People have been addicted to artificial beauty to the extent that they insert certain substances into their bodies to make them become more robust and attractive to their admirers.
I do not understand why we should be crazy about adding more to our natural look. Every woman wants to look attractive in a packaged manner without recognising the implications of artificial beauty and make-up.
In fact, women’s quest for beauty has taken different dimensions as they tend to appear trendy at home, in offices and as they go about their businesses. That is just to feel belonged and achieve self-esteem.
I recall a few years back, my pastor who trained as an engineer advised women against the use of lipstick. He said that one of the chemical components of lipstick is lead and that it is dangerous to humans. Many women may not understand the reality of what he said until it manifests.
I think those who are naturally beautiful should not go for artificial make-ups. They should be satisfied with the work of their creator. Women should not continue to paint their faces to look like masquerades and should not lose value due to artificial beauty.
It may interest you to know that persons who apply make-ups excessively are mocked instead of being admired. Make-ups can be applied lightly.
Fixing of nails is another business. After fixing nails, some women find it difficult to perform house chores. Washing their personal belongings becomes a problem. The artificial nails become so long and sophisticated to the extent that the bearer cannot handle objects properly. Those in that habit also find it difficult to eat food with the fingers.
There are people who feel they should have been born in certain colour but when the reverse is the case, they seek artificial make-ups. Use of skin-toning cream and soap becomes the option for artificial beauty. This happens to the extent that the users start having dark spots on the skin. Blisters occur on their faces and legs. According to experts, this may lead to kidney ailments.
Ladies should not make themselves as a laughing stock with unnecessary make-ups as they can still be cherished in their natural outlook.
It is high time people had stopped following trends to the detriment of their health.
By: Eunice Choko-Kayode
Women’s Role In Curbing Child Abuse
The role of women incurbing child abuse can never be over-emphasised. Mothers are the ones who nurture and groom their offsprings and wards whether biological children or adopted.
It is necessary that any child who falls under the supervision of a mother, must be accounted for by that woman.
Shaping the life of a child depends so much on the mother even if certain percentage of care is being expected from a father. The mother starts nurturing a child from age zero till the adolescent stage. She should always do a follow-up at every stage of development of every child in her care.
Within the period of this growth, if there are negative tendencies exhibited by the child, the mother should be able to identify before the child goes to school. This is because the child starts learning from the home.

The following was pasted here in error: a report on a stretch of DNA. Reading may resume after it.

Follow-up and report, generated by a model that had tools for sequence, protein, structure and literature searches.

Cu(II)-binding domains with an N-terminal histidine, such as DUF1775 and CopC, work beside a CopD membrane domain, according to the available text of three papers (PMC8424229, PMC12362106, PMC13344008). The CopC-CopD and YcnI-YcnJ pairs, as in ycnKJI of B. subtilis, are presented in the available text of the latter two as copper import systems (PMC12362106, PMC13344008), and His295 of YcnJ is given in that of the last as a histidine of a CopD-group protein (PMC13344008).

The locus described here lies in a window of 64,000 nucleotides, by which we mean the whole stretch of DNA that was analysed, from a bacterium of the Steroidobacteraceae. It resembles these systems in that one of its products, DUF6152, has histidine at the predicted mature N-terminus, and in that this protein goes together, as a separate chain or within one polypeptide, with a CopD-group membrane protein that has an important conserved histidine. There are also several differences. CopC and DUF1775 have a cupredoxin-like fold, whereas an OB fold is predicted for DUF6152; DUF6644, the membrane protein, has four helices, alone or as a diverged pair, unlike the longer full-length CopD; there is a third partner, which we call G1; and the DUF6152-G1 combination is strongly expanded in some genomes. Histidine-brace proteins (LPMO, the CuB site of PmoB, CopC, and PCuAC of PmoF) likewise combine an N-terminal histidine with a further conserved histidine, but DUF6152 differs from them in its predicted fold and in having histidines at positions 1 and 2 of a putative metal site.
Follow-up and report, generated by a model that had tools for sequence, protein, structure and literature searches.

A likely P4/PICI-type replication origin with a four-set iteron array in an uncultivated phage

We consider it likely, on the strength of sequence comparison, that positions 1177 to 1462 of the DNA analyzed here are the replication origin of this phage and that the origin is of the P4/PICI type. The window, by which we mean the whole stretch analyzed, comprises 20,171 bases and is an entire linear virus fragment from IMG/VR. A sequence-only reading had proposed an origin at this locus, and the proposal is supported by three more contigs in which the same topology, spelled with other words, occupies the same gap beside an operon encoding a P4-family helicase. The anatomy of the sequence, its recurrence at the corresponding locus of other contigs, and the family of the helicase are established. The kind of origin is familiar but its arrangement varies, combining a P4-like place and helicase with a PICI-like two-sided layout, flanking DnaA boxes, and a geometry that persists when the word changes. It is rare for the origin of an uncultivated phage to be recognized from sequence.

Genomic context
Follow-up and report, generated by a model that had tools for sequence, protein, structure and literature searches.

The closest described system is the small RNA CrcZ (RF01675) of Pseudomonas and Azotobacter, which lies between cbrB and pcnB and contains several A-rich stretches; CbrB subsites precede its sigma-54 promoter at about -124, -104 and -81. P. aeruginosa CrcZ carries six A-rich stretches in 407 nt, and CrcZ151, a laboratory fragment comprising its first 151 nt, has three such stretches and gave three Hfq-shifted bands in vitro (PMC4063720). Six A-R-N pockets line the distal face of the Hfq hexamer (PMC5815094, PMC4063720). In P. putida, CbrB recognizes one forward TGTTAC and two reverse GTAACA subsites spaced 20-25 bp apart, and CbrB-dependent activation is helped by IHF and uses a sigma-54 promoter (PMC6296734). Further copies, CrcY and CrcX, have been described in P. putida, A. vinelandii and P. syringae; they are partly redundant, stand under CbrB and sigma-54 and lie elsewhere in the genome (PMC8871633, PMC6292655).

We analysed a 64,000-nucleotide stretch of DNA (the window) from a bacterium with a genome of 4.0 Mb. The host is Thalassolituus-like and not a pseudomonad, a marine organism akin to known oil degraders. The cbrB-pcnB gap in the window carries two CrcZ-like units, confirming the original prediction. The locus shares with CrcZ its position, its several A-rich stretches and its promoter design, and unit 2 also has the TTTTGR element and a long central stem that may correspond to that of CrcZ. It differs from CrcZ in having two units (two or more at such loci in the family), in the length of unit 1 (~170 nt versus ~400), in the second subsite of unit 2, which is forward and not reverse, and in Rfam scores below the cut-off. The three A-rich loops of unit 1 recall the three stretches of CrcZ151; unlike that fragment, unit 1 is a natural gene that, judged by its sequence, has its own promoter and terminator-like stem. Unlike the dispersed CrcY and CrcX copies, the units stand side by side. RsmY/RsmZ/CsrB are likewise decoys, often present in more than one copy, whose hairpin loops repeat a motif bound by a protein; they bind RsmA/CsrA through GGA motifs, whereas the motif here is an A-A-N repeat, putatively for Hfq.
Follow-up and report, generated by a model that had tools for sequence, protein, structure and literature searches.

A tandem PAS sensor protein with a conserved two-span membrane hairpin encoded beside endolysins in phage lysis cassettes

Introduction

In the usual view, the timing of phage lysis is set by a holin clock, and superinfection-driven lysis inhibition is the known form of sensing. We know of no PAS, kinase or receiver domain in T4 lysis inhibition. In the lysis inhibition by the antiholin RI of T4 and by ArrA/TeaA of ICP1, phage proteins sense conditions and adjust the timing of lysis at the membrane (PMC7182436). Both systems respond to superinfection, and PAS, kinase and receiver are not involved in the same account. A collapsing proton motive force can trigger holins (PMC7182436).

When you talk about child abuse, it starts from the home and the way every child is treated matters a lot.
The menace called child abuse is something that every hand must be on deck to ensure it is eradicated in the society. The major agent of eradication is the mother.
There are various forms of child abuse. You may discover that at every form of the menace, the woman is involved and should be held responsible for it is consequences.
Of course, it is clear that child abuse does not have any positive impact on the society except the perpetrators of the act. It favours the perpetrators alone. Some persons derive joy in seeing either their own child or another’s child being denied equal rights and accomplishing goals that will help them in future.
According to UNICEF in 1989, child abuse is the portion of harm to children that results from human action or inaction that is proscribed, proximate and preventable.
The African Network for the Prevention or Protection against Child Abuse or Neglect (ANPPCAN) looked at child abuse as the intentional, unintentional or well-intentional act, which endangers the physical, health, emotional, moral and the educational welfare of the child.
Broadly, it means maltreatment of a child: any form of action that brings about physical, mental, psychological and social torture to the child.
When you talk about child labour, which includes buying and selling most times, a woman will intentionally send the child out for hawking with the aim of making money. A situation where a woman’s children will be in school and she finds pleasure in sending a house help out portends danger to that child.
A woman should not send an adopted child out to the neighbourhood alone to fetch water when her own children are idle because her role is to protect every child in her care whether biological or not.
When you talk about child trafficking, apart from when children are in school, the mother should be aware of the location of the child at every time. Monitoring the children should be the watchword of every committed mother. When a woman is careless about the whereabouts of the child, that child can be picked up from any location without her knowledge.